Tech article: Wireless sensors for the monitoring of Geotechnical and Civil infrastructure

In recent years Wireless Sensor Networks are asserting their power in many industries. Civil construction is one of the most prevalent industries for the application of these technologies due to the benefits they can generate. Harsh environmental conditions, hostile terrain, remote and isolated areas are common scenarios which need to be tackled to properly ensure secure and long lasting service of large singular infrastructures such as bridges, tunnels or retaining dams.

Wireless Sensor Network solutions for the monitoring of geotechnical and civil infrastructure reduce maintenance costs, lower energy consumption, minimise downtime, improve infrastructure lifespan, enhance safety and centralise control operations which are usually spread out, due to its capacity to monitor and better control infrastructures.
Aging infrastructures and higher labour costs significantly increase maintenance expenditure. The later highlights the need for better and more efficient asset management. Wireless sensor technologies have advantages over traditional wired technologies due to the ability to access and report back on remote data locations, in areas where wired technology is expensive or is not even an option.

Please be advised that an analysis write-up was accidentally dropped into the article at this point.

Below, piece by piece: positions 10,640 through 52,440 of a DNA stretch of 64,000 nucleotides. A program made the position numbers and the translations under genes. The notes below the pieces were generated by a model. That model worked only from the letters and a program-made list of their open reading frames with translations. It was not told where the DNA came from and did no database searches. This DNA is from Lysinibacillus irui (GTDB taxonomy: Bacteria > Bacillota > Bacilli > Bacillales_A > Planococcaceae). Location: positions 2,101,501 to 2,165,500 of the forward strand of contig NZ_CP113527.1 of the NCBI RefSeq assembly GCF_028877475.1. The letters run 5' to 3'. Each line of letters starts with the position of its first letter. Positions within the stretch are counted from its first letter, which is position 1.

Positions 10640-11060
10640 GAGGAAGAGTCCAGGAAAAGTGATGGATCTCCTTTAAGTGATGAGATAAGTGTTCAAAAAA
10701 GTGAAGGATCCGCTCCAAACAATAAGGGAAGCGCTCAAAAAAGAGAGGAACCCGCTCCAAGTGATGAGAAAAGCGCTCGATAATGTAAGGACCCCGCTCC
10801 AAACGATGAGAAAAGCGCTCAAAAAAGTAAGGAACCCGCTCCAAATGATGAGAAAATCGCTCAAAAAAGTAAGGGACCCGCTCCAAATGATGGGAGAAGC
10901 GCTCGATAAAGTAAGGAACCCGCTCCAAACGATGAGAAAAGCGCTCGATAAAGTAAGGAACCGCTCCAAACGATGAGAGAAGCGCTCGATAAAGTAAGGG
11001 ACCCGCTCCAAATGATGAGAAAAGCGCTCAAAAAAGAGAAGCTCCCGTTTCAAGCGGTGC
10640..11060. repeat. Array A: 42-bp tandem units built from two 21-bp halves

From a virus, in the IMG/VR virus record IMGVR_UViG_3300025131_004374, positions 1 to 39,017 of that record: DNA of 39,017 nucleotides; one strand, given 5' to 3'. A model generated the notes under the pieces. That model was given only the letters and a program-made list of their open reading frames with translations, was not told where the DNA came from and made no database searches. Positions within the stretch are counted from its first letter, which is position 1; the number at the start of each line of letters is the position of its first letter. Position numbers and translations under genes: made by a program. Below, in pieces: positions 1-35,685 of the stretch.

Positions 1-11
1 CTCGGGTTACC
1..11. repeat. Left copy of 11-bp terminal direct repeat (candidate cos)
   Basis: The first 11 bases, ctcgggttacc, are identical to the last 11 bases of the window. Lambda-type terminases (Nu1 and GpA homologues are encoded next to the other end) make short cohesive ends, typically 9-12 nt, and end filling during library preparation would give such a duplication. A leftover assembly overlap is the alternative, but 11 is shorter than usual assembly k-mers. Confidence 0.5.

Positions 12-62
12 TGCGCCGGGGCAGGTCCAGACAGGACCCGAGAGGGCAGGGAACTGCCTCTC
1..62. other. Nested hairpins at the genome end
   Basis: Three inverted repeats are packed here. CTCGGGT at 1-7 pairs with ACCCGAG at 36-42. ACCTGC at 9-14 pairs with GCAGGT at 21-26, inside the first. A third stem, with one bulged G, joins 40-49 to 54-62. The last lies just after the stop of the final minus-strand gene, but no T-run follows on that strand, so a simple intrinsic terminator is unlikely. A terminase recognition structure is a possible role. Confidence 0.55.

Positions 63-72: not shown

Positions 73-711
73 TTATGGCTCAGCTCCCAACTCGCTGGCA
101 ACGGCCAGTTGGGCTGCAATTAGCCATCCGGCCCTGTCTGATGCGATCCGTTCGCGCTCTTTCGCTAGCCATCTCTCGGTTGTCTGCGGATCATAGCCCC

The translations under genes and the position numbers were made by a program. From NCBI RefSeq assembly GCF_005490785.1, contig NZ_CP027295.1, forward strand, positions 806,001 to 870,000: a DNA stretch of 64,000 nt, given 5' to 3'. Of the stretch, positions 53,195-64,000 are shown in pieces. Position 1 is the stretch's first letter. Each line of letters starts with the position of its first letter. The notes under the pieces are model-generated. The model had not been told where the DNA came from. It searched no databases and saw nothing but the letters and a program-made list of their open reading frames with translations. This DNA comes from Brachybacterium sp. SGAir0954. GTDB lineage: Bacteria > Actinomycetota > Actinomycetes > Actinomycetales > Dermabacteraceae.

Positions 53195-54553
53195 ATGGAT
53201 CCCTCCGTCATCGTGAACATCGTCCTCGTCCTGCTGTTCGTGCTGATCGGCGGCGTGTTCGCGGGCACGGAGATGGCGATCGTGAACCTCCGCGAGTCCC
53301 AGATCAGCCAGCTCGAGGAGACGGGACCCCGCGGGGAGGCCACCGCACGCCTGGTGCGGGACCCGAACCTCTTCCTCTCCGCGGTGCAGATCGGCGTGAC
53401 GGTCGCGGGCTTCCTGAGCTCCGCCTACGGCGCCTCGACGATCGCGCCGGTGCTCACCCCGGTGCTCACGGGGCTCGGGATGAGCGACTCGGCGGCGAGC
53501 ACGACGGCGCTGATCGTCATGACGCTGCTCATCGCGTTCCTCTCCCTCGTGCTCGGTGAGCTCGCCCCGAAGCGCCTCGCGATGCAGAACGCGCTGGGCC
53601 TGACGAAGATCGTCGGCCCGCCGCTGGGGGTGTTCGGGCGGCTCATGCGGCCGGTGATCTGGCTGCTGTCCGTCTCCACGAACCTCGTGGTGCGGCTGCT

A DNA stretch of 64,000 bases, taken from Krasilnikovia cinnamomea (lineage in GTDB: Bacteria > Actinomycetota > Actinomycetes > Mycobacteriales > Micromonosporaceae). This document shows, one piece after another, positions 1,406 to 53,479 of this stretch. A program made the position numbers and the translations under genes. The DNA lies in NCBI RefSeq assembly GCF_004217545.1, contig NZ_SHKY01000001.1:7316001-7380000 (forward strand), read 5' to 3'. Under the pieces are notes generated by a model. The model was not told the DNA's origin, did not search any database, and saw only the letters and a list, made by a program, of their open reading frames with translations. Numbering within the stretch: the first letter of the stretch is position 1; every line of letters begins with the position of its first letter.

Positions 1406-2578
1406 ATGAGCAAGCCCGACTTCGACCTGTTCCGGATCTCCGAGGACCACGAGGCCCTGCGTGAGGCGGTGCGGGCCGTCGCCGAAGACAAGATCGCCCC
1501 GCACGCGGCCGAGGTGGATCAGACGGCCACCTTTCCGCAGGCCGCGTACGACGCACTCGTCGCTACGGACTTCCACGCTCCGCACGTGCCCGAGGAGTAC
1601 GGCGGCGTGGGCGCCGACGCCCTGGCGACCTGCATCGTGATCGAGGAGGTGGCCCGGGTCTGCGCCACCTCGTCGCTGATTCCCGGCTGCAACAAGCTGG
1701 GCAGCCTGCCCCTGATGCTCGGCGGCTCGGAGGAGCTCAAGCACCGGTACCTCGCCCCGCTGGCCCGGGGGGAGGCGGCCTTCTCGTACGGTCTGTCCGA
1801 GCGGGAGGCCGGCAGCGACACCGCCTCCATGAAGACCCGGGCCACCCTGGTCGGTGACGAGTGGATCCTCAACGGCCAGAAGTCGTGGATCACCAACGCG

The geotechnical and civil infrastructure industry can benefit from the use of Wireless Sensors by eliminating the need for cables. Furthermore, they offer significantly reduced installation and operating costs as they can be installed in remote areas due to its wireless nature, providing more cost efficient permanent monitoring solutions.
In addition, wireless technology enables a new range of applications; particularly in the area of predictive maintenance. These networks may be composed of many different types of sensors such as load cells, crackmeters, inclinometers, piezometers and many others which are able to monitor a wide variety of geotechnical, structural conditions such as: Load, deformation, flooding, phreatic levels, slop stability.

Normally all the devices stream real-time data to a control centre where data analysis and active alarms are set to ensure real-time infrastructure integrity. As a result, real-time infrastructure supervision and monitoring costs are significantly reduced, while complying with regulations, reducing or eliminating down-times for maintenance or unplanned structural failures and savings by giving the operator a constant view of the state of all aspects of the infrastructure.






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